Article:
3. DEVELOPING AN INTELLIGENT WORKFLOW MANAGEMENT SYSTEM TO MANAGE PROJECT PROCESSES WITH DYNAMIC RESOURCE CONTROL

    Microsoft Academic Search

    Amy J. C. Trappey; Tzu-An Chiang; Sam Ke

    2006-01-01

    This research develops an intelligent workflow management system (IWMS) to efficiently and effectively manage complex processes of projects, control project flows, and allocate available resources for project execution dynamically across organizational boundaries. Process logics are embedded in predicate (IF-THEN) rules that can be activated when condition is met to drive workflows. In this paper, an expert system inference engine is

  4. The measure of national infrastructure project performance auditing risk's controllability: Based on Chinese experiences empirical study

    Microsoft Academic Search

    Liu Ai Dong; Zhao Jin Ling

    2010-01-01

    The performance auditing of national infrastructure project is the important regulatory measure to improve the project's performance, and risk aversion of audit could improve the auditing's quality effectively. The paper conducted investigation in-depth based on the existing research, designed a set of measuring scale for national infrastructure project performance auditing risk's controllability, conducted the crossed empirical study taking 248 effective

  5. Project Controls to Minimize Cost and Schedule Overruns: A Model, Research Agenda, and Initial Results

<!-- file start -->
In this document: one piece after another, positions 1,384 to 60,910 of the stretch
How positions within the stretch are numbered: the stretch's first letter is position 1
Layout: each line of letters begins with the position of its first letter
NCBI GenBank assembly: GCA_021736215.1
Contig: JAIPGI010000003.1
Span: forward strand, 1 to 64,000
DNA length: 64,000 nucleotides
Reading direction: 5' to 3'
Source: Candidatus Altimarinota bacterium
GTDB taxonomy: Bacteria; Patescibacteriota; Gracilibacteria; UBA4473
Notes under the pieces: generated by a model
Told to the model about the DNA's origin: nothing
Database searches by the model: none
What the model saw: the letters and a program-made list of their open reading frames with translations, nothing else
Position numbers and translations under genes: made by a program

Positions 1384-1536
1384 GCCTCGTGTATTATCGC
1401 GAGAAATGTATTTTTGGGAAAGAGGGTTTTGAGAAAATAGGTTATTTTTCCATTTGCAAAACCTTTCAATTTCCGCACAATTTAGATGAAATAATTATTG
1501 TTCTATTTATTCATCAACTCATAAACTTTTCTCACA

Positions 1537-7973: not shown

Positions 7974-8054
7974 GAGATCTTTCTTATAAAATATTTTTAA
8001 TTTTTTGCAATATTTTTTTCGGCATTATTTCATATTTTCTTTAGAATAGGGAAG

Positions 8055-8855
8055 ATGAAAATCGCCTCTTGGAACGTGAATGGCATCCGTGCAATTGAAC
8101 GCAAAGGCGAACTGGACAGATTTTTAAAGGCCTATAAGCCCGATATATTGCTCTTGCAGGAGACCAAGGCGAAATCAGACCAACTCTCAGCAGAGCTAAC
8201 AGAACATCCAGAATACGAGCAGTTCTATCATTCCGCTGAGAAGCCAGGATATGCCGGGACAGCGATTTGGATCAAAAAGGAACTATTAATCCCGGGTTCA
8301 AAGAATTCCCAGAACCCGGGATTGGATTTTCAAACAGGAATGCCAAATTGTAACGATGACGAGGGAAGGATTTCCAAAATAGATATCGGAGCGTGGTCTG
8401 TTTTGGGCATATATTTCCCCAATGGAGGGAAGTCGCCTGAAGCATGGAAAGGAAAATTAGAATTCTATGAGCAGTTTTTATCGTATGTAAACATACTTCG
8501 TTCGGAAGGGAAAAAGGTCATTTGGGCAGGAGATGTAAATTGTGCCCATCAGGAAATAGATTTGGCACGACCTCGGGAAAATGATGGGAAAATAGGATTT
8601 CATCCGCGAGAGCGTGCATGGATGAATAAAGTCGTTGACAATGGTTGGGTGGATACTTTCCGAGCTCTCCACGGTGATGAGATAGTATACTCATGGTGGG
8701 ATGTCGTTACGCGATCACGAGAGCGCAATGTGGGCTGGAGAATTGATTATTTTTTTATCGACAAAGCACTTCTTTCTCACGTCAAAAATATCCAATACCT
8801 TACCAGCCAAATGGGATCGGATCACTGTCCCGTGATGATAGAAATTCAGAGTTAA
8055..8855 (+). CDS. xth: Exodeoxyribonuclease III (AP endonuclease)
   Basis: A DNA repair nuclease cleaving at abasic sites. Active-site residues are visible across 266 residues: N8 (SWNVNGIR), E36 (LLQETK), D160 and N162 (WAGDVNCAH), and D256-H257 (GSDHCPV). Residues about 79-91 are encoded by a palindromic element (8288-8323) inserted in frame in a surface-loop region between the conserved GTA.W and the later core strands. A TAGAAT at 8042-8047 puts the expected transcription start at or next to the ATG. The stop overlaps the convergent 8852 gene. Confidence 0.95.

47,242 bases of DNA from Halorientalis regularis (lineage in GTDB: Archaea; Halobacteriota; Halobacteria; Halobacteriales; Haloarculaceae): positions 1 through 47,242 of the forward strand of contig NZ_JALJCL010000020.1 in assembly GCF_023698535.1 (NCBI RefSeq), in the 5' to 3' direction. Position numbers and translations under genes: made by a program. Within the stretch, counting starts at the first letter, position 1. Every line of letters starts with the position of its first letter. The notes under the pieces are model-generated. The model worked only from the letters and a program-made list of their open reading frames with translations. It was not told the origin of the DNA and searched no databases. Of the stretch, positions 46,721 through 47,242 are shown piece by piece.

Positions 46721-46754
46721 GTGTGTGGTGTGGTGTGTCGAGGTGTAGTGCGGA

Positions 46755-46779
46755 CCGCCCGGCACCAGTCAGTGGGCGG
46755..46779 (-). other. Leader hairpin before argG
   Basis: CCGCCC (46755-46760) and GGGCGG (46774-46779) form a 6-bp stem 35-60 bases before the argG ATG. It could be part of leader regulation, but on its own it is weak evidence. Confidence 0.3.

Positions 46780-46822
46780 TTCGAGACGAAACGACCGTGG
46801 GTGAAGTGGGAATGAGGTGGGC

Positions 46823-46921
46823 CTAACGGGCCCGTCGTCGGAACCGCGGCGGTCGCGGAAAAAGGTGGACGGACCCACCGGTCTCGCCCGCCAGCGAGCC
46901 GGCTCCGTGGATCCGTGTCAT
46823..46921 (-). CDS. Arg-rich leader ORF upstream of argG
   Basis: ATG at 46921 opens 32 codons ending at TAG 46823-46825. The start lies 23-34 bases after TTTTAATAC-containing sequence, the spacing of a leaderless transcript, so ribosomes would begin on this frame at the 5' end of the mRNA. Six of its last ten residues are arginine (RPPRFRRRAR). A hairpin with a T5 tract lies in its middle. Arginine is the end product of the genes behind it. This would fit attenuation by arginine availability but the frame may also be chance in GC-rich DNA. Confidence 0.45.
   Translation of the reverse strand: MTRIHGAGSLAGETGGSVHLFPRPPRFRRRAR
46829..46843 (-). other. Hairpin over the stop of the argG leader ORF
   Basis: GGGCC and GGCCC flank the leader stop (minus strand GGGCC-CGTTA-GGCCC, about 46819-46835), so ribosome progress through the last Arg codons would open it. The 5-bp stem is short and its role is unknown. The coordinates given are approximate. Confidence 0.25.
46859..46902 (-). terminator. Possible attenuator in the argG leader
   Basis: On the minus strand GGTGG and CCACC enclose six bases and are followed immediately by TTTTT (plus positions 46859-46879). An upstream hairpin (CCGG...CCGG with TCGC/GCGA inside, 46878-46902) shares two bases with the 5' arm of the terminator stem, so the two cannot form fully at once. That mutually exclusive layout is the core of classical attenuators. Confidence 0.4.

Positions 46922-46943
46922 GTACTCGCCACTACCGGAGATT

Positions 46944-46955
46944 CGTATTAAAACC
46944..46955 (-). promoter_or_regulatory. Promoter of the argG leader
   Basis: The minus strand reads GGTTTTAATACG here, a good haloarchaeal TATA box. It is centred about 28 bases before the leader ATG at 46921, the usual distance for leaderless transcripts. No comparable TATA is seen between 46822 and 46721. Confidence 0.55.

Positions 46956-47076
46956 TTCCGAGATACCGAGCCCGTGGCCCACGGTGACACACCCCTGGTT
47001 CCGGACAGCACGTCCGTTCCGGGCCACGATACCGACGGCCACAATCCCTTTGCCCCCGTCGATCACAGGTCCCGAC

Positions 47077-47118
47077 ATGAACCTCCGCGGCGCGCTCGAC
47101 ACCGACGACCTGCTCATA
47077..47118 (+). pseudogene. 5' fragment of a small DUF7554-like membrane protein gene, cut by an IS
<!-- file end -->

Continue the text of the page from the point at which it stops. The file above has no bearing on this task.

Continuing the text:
E-print Network

    Ford, David N.

    1 of 27 Project Controls to Minimize Cost and Schedule Overruns: A Model, Research Agenda been successfully applied to the study of projects for many years. While this modeling has clearly defined the structures which create project dynamics, it has been less helpful in providing explicit

  6. The Role of Perceived Control, Attention-Shaping, and Expertise in IT Project Risk Assessment

    Microsoft Academic Search

    Stephen Du; Mark Keil; Lars Mathiassen; Yide Shen; Amrit Tiwana

    2006-01-01

    This study investigates how individuals assess risks in IT development projects under different conditions. We focus on three conditions: the perceived control over the IT project, the use of an attention-shaping tool, and the expertise of the individual conducting the assessment. A role-playing experiment was conducted including 102 practitioners with high expertise in IT projects and 105 university students with

  7. Experiments for understanding soil erosion processes